Karmacology: Mindful Living, Sacred Practice

Svadhyaya: The Study of the Soul

We inherit from our ancestors gifts so often taken for granted... Each of us contains within... this inheritance of soul. We are links between the ages, containing past and present expectations, sacred memories and future promise.
-- Edward Sellner

Svadhyaya is the fourth of the niyamas of the Yoga Sutras, and has acquired two meanings over the centuries. The classical thought translates Svadhyaya as "study sacred texts," and has become the observations of "investigate the Divine," and "learn continuously." The more modern concept, looking towards the intent of this sutra, is "study the Self," or -- still wrestling with the limitations of the English language -- "study the soul."

There is the story of two arguing students who went before the Zen master to plead their cases. The first presented his argument, and the master replied, "Yes, yes, this is true." The second student spoke up and likewise gave his appeal. After a moment's reflection, the master said again, "Yes, yes, this is true." The first student, feeling cheated, exclaimed, "But Master, both of our arguments cannot possibly be true!" The Zen master smiled and replied, "Yes, yes, this is true."

In our Western, scientific way, we like to take things apart and look for the intrinsic minutia to give us insight into how things work. We disassemble and dissect: "Sva" means "self" or "personal possession;" "dhy" is the root of "dhyana" which means "meditation;" "ya" is an activation suffix; but also, "adhyaya" means "study" or "inquiry." We take apart the clock, examine the gears and springs, and see the intent of the clockmaker. But are we any closer to understanding the concept of Time?

To keep this text short I won't pull supporting quotes, but suffice to say that every major human religion contains a common core concept: purification of an intangible, non-physical inner self, or soul, as the way to the Divine. Definitions of these words and concepts and the prescribed paths to follow fill the volumes of the sacred texts.

If we believe that Svadhyaya is the study of these holy works, then "this is true." But each golden path is exclusive. If Islam is the one true religion, then Hinduism is false. If Christianity is the sole way to heaven, then Buddhism is heresy. An adherent to each religion knows that their path is the one true way. And the Zen master, hearing us exclaim that all these mutually exclusive beliefs cannot possibly be true, calmly replies, "Yes, yes, this is true."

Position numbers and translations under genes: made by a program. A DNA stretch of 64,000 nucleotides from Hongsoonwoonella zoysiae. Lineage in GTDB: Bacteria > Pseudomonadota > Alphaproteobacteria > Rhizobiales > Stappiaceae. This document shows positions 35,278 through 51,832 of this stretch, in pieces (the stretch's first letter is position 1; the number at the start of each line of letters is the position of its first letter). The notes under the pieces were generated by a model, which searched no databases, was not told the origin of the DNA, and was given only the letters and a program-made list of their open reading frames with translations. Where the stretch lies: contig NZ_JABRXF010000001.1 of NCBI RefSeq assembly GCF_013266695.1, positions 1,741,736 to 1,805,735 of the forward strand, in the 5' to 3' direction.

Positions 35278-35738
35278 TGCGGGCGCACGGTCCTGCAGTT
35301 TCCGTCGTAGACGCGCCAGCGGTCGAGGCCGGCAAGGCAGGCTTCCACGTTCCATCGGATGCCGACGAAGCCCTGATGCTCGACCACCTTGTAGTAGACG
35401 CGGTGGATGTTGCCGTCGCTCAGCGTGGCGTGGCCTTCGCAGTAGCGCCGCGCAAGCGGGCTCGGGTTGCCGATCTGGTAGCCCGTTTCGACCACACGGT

Paradox illuminates what isn't there. We take the watch apart, but fail to find Time. We surgically dissect the tissues of the body and brain, but the soul eludes us.

Paradox shows us where there is a gap in our understanding. Think of all our definitions for the word "light." But if we dissect light, we find that sometimes it is a wave, and sometimes it is a particle, all dependent upon how we observe it. And yet light is mundane, everywhere, from the cosmic cradle to the bedside lamp. We know it, but yet we don't.

Our search for the elusive Self, through the vehicle of the sacred texts, may be likened to the blind men and the elephant. Feeling the trunk, the blind man discovers the elephant to be like a serpent; at the leg, it is like a tree; at the tail, a rope. "Yes, yes, this is true," we are told. Until we are no longer blind, what we know is true. When we can see, we may find that what we know is both true and not true.

All that lives, dies. This is the grand paradox of human consciousness. Everything that we are and do is impermanent and will be washed away. So what is the point of living? When we ask these questions, "Who am I?" or "Why am I here?" we find ourselves in the company of students and sages, prophets and priests. It is our discovery of Self and our search for meaning that gives bloom to the flowers of religion and philosophy.

Study, Patanjali tells us. Examine existence. Question everything. Learn from those who have asked these questions before. Look within.

Svadhyaya is not the answer. Svadhyaya is the question being asked.